Health Economics and Health Policy

The working group Health Economics and Health Policy focuses on three issues: economic evaluation, economic analysis (of presently) existing health policies, and comparative international health service research.

Economic Evaluation in Health Care

Economic evaluation in health care means not only appraising the effects (and the risks) of health goods and services, but also assessing their costs (cost-of-illness studies) and relating costs and effects (cost-effectiveness, cost-utility and cost- benefit analysis). In this way a contribution can be made to the inevitable and necessary prioritisation of medical services. Although economic evaluation is just a component of wider health economics, it is the component that is associated predominantly with the notion of health economics, especially by experts in this field. Even if economic evaluation is just a fraction of the discipline, there are already specialized books that virtually handle only economic evaluation under the title of health economics. The significance of economic evaluation is rising politically as well. So far, economic evaluation is integrated progressively into clinical studies and Health Technology Assessments (HTA). One can expect a rising demand for competence in economic evaluation in the near future and we identify respective potential for application in Bremen as well. Economic evaluation is allotted to Tina Salomon, who is not only occupied with respective courses, but also with those research projects that incorporate an economic evaluation. These include economic evaluation of the implementation of the Resident Assessment Instrument (RAI) in home care for the elderly and the evaluation of a specific preventive program within the context of integrated care.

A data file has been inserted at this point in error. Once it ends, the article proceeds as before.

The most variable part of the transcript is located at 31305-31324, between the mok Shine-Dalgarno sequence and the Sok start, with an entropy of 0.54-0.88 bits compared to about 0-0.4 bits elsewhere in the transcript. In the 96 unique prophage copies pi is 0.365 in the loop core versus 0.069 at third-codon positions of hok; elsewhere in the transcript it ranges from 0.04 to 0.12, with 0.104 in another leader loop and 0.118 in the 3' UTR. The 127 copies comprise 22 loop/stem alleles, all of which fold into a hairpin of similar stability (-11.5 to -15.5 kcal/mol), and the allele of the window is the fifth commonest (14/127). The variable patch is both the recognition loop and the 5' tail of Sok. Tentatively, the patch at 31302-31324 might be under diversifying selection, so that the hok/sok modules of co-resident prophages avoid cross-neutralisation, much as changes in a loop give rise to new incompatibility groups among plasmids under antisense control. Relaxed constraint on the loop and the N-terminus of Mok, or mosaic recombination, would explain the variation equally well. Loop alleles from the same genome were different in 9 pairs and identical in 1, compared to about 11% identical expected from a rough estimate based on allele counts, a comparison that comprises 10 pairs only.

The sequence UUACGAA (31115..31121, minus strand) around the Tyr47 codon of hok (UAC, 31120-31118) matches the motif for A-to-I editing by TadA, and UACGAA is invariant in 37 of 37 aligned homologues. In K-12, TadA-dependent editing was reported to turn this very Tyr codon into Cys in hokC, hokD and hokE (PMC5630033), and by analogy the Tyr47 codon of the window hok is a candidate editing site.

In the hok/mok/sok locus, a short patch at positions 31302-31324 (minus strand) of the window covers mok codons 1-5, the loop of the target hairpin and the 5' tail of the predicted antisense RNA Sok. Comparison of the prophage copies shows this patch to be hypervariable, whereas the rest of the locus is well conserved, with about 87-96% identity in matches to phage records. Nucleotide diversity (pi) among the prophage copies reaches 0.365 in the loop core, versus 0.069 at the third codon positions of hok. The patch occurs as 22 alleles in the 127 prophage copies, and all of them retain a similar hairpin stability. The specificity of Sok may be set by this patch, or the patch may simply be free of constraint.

Health Policy and Health system research

The health policy research in this section builds on the history of the ZeS. It is extended by economic expertise. One part of this division deals with the ongoing political discourse on health policy (e.g. income-related contributions or flat- rate premiums within the context of statutory health insurance, reimbursement for hospitals based on related diagnostic groups, risk adjustment scheme for health insurance). The health economics research on health policy is carried out by Bernhard Braun and Katharina Wendlandt, amongst others.

Finally, included in this research area is also the area of (international comparative) health system research, which is disciplinarily attached to the interface between comparative welfare state research and health economics. Through an international comparative approach, this research aims at the better recognition and understanding of our own health care system, and, furthermore, tries to critically evaluate the chances that foreign experiences can be implemented in the German health care system.